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1787

Phile Vs. the Anna

Court : US Supreme Court

PHILE v. THE ANNA - 1 U.S. 197 (1787) U.S. Supreme Court PHILE v. THE ANNA, 1 U.S. 197 (1787) 1 U.S. 197 (Dall.) Phile qui tam v. The Ship Anna Court of Common Pleas, of Philadelphia County. June Term, 1787 This was an information filed by the Naval Officer of the port of Philadelphia, against the ship Anna, lately arrived from Bristol upon the discovery of Peter Cooper, that forty two hampers of porter, part of her cargo, had been landed, without being first duly entered at the Collector's office, conformably to a law of this State, passed the fifteenth day of March, one thousand seven hundred and eighty seven, which enacts, among other things, 'That every vessel or boat, from which any goods, wares, or merchandize, shall be unladed before due entry thereof, at the office of the Collector, of the port of Philadelphia, and every carriage into which any such goods shall be first put or loaded, after removal from such vessel or boat, together with the horse, horses, or cattle ...

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1787

January Vs. Goodman

Court : US Supreme Court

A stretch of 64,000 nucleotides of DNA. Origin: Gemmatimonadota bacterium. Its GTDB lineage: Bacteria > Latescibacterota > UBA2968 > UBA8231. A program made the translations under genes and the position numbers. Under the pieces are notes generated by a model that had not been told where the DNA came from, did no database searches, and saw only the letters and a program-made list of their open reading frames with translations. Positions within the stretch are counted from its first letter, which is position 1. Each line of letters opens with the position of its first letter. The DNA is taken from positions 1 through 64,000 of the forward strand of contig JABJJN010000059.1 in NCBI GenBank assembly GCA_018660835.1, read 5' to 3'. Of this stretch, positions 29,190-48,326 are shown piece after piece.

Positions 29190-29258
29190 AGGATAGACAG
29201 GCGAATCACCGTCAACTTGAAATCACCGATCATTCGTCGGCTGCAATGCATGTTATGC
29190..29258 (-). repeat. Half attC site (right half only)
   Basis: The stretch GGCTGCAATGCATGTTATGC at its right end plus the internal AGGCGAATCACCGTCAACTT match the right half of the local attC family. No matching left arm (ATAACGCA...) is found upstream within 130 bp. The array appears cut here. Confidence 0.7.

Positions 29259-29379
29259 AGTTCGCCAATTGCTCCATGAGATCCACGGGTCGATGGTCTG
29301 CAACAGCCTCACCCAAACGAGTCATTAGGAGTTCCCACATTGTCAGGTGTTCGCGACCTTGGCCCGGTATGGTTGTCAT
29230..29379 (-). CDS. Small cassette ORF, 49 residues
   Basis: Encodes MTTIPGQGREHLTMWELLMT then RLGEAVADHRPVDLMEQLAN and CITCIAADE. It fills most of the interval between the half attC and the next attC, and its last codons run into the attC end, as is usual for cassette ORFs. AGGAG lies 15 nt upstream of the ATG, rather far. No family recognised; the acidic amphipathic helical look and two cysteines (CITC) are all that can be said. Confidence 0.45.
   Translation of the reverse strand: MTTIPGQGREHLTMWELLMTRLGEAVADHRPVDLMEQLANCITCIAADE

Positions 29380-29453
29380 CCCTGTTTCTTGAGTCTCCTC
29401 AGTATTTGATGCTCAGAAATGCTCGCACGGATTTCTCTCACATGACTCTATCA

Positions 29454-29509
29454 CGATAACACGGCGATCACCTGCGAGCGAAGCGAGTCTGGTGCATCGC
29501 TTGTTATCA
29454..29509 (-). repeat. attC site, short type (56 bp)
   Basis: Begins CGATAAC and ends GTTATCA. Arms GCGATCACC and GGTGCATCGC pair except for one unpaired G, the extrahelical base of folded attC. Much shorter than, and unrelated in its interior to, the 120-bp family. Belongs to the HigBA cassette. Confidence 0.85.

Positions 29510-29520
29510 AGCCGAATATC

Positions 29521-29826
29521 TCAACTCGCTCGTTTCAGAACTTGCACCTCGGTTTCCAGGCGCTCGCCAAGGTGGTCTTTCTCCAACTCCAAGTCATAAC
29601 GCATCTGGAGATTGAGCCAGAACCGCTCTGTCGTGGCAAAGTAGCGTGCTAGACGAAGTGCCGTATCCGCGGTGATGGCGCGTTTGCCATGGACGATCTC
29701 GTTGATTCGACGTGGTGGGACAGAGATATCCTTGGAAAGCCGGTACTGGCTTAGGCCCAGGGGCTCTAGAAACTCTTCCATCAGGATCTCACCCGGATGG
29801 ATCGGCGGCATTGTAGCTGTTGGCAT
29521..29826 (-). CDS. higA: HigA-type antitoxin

JANUARY v. GOODMAN - 1 U.S. 208 (1787) U.S. Supreme Court JANUARY v. GOODMAN, 1 U.S. 208 (1787) 1 U.S. 208 (Dall.) January Assignee v. Goodman Court of Common Pleas, Philadelphia County June Term, 1787 The President, after argument and consideration, delivered the judgment of the Court in this cause, upon a point reserved at the trial. Shippen, President. This is an action on the case, brought upon a writing said to be a promissory note, and declared upon as such, The form of it is not the usual form of a promissory note; it runs thus; 'I promise and oblige myself and my heirs to pay to January and his Assigns,' it concludes with the words 'as witness my hand and seal;' and it is actually sealed. Two witnesses subscribe under the words 'given in presence of us.' On the trial, the subscribing witnesses were not called, nor any evidence given of their death, or absence; but evidence was offered of the hand writing of the Defendant, who subscribed the instrument, which was pe...